I had a bit of a later start than I planned this morning, due mostly to a muttered “oh, hell, no” and slap at the alarm clock around 0-dark-thirty.
Once up, though, I loaded the car and hit the road for Dunedin, FL, stopping just twice:
- Subway for breakfast and lunch – their new breakfast is pretty good, easily in the top five of semi-fast-food, after Panera, Starbucks and Chick-Fil-A, and the cheapest of the four. Quite a bit above McDonald’s or Burger King. Plus you can pick up a cooler-friendly lunch at the same time.
The Best Buy in Dunedin to pick up an iPhone battery. Yes, I know you can’t replace the battery in them. I was looking for either a solar charger or charger that uses regular batteries, because I’ve been using the iPhone as my GPS tracker on trips (safely ensconced in the deck bag, of course), but the GPS eats battery life. What I found was this thing from Energizer that works as an external rechargeable battery:
So far, so good – it ran the iPhone for GPS tracking over four hours today and the phone still had a full charge.
A good put-in to paddle either Honeymoon Island or nearby Caladesi is from the Dunedin Causeway.
View Dunedin Causeway in a larger map
View Dunedin Causeway Put In in a larger map
You can enter the state park on Honeymoon Island, but the portage from parking lot to beach is a lot longer than on the causeway:
Of course I still haven’t repaired the seat padding that blew off, so I had to improvise an
All in all a folded towel is okay, except for the part where it gets saturated and you sit around in salt-water all day … but the Tarpon’s a wet boat anyway, so I didn’t really notice.
My goal today was to circumnavigate Honeymoon Island then paddle around St. Joseph Sound on the east side of Caladesi. With the late start and the stops, I only managed the first half of that.
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The weather forecast called for the winds to be out of the ESE between 8 and 12 MPH, so I started my trip on the east side of the island (going counterclockwise), putting the wind and waves at my back and quarter for the first part of the trip.
I did have to paddle into the stronger wind for the latter part of the trip down the west side of the island, but it was a much shorter distance to face that than the east would have been. You can see from the GPS track that I was a lot slower on the West side, especially when I got far enough south to be out of the lee of the island.
I passed near Grassy Key on my way north, a small mangrove island.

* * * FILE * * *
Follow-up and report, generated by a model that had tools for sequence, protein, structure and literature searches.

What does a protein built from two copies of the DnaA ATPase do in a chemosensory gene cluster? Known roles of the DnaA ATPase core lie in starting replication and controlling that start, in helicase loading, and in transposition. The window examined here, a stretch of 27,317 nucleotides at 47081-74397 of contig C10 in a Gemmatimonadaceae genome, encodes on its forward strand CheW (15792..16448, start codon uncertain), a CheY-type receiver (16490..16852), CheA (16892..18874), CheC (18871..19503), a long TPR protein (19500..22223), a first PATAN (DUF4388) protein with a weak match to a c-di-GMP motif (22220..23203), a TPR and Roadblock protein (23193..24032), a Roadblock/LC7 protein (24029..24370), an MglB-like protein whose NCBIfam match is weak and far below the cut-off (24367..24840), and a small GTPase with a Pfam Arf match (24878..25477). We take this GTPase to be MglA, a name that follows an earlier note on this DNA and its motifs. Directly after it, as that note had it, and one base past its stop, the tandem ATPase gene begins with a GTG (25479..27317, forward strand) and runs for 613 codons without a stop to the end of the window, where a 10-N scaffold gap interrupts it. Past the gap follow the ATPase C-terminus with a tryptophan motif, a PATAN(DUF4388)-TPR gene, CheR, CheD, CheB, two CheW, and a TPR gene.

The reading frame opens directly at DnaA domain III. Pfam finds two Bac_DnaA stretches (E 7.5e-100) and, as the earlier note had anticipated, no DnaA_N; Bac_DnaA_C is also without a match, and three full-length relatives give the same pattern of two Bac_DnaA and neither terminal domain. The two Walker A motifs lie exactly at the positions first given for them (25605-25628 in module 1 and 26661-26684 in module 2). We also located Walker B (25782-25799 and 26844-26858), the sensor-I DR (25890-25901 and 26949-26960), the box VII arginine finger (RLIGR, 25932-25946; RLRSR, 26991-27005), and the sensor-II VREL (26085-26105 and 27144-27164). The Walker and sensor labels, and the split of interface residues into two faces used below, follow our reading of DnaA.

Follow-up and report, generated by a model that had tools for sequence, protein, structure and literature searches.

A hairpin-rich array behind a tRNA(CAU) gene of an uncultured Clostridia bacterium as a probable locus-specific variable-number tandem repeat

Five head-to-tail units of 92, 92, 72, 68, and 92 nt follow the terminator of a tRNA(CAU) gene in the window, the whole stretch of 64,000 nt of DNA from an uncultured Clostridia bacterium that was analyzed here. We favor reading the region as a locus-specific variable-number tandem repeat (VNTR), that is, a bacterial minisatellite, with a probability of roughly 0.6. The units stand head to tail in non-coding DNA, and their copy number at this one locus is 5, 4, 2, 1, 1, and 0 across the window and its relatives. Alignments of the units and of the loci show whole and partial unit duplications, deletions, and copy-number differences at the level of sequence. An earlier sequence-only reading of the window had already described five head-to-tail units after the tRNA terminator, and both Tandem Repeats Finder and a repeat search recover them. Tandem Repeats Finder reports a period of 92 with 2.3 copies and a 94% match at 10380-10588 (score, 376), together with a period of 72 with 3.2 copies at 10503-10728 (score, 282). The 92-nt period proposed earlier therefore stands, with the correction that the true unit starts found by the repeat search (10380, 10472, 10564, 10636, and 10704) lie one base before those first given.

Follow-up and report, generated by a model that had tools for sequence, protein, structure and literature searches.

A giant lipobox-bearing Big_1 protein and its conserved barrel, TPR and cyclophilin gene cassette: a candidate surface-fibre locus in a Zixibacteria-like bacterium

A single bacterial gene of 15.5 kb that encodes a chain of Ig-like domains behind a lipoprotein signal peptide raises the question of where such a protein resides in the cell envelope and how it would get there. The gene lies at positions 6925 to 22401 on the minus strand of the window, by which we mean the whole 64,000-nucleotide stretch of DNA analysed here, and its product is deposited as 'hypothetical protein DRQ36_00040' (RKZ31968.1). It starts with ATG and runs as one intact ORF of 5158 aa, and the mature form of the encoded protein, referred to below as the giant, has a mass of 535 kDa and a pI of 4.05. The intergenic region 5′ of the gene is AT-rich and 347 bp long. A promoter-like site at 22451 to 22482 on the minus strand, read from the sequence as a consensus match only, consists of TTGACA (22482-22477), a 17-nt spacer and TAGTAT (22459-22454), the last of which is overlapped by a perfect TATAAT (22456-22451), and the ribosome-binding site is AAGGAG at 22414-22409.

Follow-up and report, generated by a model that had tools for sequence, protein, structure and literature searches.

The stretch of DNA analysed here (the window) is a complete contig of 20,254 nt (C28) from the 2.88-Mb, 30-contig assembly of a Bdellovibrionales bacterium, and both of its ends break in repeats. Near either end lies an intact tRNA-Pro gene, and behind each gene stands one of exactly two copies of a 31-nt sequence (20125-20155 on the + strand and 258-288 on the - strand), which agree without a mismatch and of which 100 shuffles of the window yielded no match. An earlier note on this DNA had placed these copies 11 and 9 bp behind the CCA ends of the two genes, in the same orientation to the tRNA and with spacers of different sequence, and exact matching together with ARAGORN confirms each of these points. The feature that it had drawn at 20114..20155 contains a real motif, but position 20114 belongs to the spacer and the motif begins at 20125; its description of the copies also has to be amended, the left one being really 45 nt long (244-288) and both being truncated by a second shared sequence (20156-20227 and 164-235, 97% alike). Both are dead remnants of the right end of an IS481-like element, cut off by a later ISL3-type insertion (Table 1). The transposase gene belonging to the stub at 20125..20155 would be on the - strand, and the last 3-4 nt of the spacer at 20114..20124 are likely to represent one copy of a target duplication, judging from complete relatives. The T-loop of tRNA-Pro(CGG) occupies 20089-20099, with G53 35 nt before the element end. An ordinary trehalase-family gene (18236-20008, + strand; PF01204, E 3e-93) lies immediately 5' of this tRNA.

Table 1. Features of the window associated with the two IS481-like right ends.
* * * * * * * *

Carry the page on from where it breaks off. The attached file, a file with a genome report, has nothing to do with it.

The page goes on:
Most of the southeast portion of Honeymoon is mangrove also, with no beaches or stopping places.
It’s not until you round the northernmost headland of mangroves that the shore begins to offer places to beach.
I stopped three times on the east side of the island.
The first stop was because I had to pee. I know, TMI, but under the Florida sun: If you don’t have to pee, you’re not drinking enough. Something Florida paddlers should keep in mind. I also picked up about a dozen cans and bottles at this stop to dispose of properly.
The second stop was because I thought I remembered there being an easy portage spot there – clearly I was mistaken, since that stop was at about the widest part of that portion of the island. So much for my memory.
And the third stop was because an osprey had perched on very low post.
The wind and waves were driving me right to the beach at the base of this short dune, so I was able to keep still and exit the boat out of his site. This let me get a lot closer for a picture.
The north end of Honeymoon is roped off and signed as restricted to protect nesting birds. The sandbar there is also a gathering spot for the feathered ones.
Rounding the north end of the island presents you with a view of the open Gulf.
The ocean-side of Honeymoon should be considered an open-water paddle. Unlike the sheltered sound to the east, the west-side can get the full force of wind, waves and currents. A basic understanding of currents and tides is helpful and you should be comfortable having nothing on one side of you until Mexico.
The combination today was a light wind out of the south and a moderate swell out of the south. Since I had to go south, this made the second half of today’s paddle more challenging. But I find swells easier to handle than the chop the wind was kicking up on the east side, so I’m glad I went counterclockwise today.
The northern beaches on Honeymoon are the farthest from the parking lots, so they’re not very crowded.
But this changes as you head south.
I saw only one dolphin on this trip, that just as I was turning east around the south end of the island. I wasn’t able to get a picture, because he only surfaced twice, both times quickly and heading north.
I pulled onto the beach at the very southern tip of the island, just before the channel and crossing to Caladesi, where I had a quick lunch. As soon as I had my sandwich in hand, this guy showed up to try mooching a bite.
His presence also irritated a couple other gulls who were busy with the preliminaries to seagull sex.
After lunch, I crossed the channel to the Caladesi side.
But I decided to call it a day and head for the causeway and home.